Hurlbut Contributes to International Debate over Human Gene Editing

In recent months, CBS center faculty affiliate Ben Hurlbut has contributed to an emerging, international debate about human applications of CRISPR/Cas9—a new technique of genetic engineering or “gene editing.”  If applied to human gametes or embryos, the technology could produce changes to the human germline—genetic alterations that would be passed on to the resulting person’s children and children’s children.

Last November, he spoke about issues of governance at an international symposium convened by the Netherlands Commission on Genetic Modification Dr. Ben HurlbutDr. Ben Hurlbut(COGEM) and the Heath Council of the Netherlands which advise the Dutch government and Parliament.  In December, he was invited to participate in the International Summit on Gene Editing that was jointly convened by the US National Academy of Sciences and National Academy of Medicine, the Chinese National Academy, and the Royal Society.  At the Summit, he served as a policy expert and moderator for a session examining issues of public benefit and social justice.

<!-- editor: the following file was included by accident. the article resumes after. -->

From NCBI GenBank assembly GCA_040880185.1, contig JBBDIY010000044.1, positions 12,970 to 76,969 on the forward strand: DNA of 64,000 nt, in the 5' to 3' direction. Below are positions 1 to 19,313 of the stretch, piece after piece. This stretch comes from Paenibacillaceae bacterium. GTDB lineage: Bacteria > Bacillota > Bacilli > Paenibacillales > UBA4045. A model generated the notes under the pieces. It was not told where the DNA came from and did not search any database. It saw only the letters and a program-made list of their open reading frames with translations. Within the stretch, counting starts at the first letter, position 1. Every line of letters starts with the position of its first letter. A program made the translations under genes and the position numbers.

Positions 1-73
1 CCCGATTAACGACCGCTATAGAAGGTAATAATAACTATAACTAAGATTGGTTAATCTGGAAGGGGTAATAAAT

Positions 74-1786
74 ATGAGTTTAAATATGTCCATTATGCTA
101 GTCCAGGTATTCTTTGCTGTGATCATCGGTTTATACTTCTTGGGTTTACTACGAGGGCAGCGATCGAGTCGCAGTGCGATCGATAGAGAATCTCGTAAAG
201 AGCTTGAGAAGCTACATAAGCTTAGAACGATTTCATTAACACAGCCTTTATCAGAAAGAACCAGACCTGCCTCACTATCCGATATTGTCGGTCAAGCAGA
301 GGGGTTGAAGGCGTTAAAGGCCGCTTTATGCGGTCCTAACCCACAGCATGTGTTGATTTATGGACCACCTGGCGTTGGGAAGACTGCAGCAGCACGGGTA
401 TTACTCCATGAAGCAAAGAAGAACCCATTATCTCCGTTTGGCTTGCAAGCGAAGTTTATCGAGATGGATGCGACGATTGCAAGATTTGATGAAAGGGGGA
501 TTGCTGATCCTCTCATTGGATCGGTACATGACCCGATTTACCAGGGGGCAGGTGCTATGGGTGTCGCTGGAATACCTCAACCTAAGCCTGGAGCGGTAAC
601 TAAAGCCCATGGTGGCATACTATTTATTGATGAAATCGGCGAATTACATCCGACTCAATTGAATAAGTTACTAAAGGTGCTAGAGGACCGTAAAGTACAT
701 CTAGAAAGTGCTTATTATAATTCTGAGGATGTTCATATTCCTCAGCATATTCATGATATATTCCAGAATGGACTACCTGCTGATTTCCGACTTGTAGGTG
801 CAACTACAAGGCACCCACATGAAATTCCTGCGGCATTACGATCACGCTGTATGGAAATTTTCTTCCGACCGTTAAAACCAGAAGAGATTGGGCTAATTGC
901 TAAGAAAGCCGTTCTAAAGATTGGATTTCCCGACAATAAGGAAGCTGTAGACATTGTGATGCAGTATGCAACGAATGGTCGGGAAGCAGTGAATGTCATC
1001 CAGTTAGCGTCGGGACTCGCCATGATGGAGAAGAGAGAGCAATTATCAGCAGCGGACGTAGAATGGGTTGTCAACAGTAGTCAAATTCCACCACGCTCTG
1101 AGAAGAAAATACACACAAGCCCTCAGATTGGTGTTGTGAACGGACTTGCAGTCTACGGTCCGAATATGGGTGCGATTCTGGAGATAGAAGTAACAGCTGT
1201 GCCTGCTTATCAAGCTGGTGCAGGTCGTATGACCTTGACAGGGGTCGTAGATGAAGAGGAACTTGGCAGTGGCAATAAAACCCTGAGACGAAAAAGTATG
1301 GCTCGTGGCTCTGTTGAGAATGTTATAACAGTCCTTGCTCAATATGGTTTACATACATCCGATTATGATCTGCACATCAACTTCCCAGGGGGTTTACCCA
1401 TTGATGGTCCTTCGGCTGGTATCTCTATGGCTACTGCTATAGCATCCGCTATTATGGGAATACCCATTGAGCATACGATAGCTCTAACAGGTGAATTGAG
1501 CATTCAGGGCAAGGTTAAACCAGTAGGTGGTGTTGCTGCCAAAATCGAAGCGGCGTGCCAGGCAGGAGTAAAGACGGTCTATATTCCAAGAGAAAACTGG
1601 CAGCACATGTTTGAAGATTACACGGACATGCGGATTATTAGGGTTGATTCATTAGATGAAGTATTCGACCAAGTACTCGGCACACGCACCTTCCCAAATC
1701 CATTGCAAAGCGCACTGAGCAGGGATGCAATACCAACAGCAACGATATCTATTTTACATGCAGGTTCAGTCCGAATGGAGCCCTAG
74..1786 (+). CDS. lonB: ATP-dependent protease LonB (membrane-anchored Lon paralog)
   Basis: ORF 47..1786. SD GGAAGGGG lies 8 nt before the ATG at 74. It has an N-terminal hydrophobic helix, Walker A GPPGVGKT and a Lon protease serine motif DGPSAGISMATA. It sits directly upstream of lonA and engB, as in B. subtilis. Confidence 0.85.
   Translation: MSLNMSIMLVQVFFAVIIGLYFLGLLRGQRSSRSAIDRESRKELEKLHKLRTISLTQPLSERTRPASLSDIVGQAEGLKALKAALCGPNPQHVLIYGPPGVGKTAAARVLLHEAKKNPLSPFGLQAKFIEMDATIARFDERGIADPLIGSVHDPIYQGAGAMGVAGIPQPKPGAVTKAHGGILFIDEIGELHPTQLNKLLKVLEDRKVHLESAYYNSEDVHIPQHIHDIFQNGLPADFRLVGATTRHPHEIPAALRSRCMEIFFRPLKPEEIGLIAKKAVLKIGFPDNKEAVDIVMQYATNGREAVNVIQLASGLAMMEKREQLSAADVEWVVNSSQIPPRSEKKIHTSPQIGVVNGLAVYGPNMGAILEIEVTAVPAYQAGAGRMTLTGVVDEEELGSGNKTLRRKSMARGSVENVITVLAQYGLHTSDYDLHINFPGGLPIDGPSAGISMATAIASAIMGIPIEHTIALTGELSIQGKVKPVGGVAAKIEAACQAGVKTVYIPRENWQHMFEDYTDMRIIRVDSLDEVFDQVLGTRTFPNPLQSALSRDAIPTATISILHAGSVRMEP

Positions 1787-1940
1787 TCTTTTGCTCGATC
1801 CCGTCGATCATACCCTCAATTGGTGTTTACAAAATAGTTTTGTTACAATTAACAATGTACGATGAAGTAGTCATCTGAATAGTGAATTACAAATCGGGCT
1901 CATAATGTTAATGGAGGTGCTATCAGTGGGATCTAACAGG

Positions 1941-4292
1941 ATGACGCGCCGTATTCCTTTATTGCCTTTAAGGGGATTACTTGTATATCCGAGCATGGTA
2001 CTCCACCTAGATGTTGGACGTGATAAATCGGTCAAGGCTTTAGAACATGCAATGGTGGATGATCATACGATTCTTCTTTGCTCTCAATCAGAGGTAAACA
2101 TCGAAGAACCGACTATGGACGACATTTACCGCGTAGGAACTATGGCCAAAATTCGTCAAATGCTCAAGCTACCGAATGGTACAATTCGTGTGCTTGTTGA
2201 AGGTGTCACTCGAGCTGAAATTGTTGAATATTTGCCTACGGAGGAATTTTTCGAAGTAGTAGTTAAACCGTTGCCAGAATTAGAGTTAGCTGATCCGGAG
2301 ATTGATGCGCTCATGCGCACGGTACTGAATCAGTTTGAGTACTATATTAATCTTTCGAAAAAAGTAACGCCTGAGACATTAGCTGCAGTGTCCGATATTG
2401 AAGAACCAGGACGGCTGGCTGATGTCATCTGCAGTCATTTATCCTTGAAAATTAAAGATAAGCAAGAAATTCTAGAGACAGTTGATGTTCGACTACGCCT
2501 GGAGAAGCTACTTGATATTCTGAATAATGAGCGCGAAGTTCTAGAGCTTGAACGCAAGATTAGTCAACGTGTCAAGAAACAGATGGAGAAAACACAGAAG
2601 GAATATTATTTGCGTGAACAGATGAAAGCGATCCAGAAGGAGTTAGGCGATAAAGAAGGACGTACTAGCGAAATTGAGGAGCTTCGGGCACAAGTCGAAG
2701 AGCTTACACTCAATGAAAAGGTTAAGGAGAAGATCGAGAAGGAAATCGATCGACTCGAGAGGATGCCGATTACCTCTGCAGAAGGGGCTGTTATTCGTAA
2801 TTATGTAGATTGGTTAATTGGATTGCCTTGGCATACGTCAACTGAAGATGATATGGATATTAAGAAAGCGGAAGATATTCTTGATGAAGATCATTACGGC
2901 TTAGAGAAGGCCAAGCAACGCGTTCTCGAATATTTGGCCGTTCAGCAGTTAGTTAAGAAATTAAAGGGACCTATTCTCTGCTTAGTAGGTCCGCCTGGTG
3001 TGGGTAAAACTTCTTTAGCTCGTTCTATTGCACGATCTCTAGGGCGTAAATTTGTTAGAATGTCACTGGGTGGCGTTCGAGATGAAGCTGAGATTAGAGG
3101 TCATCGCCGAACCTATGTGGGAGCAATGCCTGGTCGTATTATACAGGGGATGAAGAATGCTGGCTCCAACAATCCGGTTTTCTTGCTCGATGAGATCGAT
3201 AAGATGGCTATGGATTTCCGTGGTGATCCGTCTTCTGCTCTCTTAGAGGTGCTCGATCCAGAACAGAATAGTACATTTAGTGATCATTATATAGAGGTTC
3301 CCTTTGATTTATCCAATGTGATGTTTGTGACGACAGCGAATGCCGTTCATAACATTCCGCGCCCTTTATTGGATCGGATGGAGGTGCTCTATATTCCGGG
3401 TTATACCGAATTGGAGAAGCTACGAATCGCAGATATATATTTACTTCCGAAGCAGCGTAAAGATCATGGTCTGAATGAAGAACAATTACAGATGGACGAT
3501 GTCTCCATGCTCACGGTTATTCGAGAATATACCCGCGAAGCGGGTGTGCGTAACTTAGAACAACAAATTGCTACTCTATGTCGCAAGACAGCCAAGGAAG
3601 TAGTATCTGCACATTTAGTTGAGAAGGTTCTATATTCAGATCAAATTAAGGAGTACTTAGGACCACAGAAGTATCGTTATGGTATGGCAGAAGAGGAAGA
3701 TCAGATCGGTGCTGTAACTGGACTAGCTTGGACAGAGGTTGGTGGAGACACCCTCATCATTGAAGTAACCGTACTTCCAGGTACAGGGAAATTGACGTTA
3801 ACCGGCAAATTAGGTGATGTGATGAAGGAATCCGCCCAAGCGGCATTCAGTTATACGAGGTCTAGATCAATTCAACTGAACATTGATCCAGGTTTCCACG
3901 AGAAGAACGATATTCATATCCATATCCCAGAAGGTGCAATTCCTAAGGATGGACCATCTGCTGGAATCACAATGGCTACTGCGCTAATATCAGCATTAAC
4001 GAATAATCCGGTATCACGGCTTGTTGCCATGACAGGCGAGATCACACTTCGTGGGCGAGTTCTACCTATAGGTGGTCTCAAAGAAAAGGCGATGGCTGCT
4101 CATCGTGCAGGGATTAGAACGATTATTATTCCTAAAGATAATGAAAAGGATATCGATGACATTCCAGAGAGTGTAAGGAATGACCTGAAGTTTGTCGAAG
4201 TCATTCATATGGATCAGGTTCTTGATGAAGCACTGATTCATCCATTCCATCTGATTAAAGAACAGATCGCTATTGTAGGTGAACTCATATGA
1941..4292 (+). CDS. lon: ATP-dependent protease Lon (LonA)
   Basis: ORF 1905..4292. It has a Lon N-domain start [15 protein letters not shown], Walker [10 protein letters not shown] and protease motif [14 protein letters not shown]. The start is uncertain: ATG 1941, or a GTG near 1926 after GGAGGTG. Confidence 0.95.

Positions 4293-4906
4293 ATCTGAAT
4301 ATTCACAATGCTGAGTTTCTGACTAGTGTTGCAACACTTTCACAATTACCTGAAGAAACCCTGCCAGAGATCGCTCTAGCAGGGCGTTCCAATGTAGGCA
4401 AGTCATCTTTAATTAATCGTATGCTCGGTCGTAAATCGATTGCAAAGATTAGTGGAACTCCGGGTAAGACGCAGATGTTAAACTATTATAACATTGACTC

He also spoke at a parallel National Academies workshop on the place of humanistic education and expertise in STEM fields, specifically in relation to the social, ethical and policy questions around emerging biotechnologies like gene editing.  Hurlbut published a widely-read op-ed in the Guardian with colleagues Sheila Jasanoff at Harvard University and Krishanu Saha University of Wisconsin, Madison as well as a longer commentary in Issues in Science and Technology a National Academies journal on issues related to science and public policy.  He has also published a related article in the Hastings Center Report.   He is co-organizing a workshop on gene editing that will take place at SUNY Buffalo School of Law next fall.

Hurlbut’s joint writing with Jasanoff and Saha grew in part out of a residential fellowship at the Brocher Foundation in Geneva, Switzerland.  Their collaboration is linked to the Bio + Society Collaboratory at Harvard University, of which Hurlbut is co-director.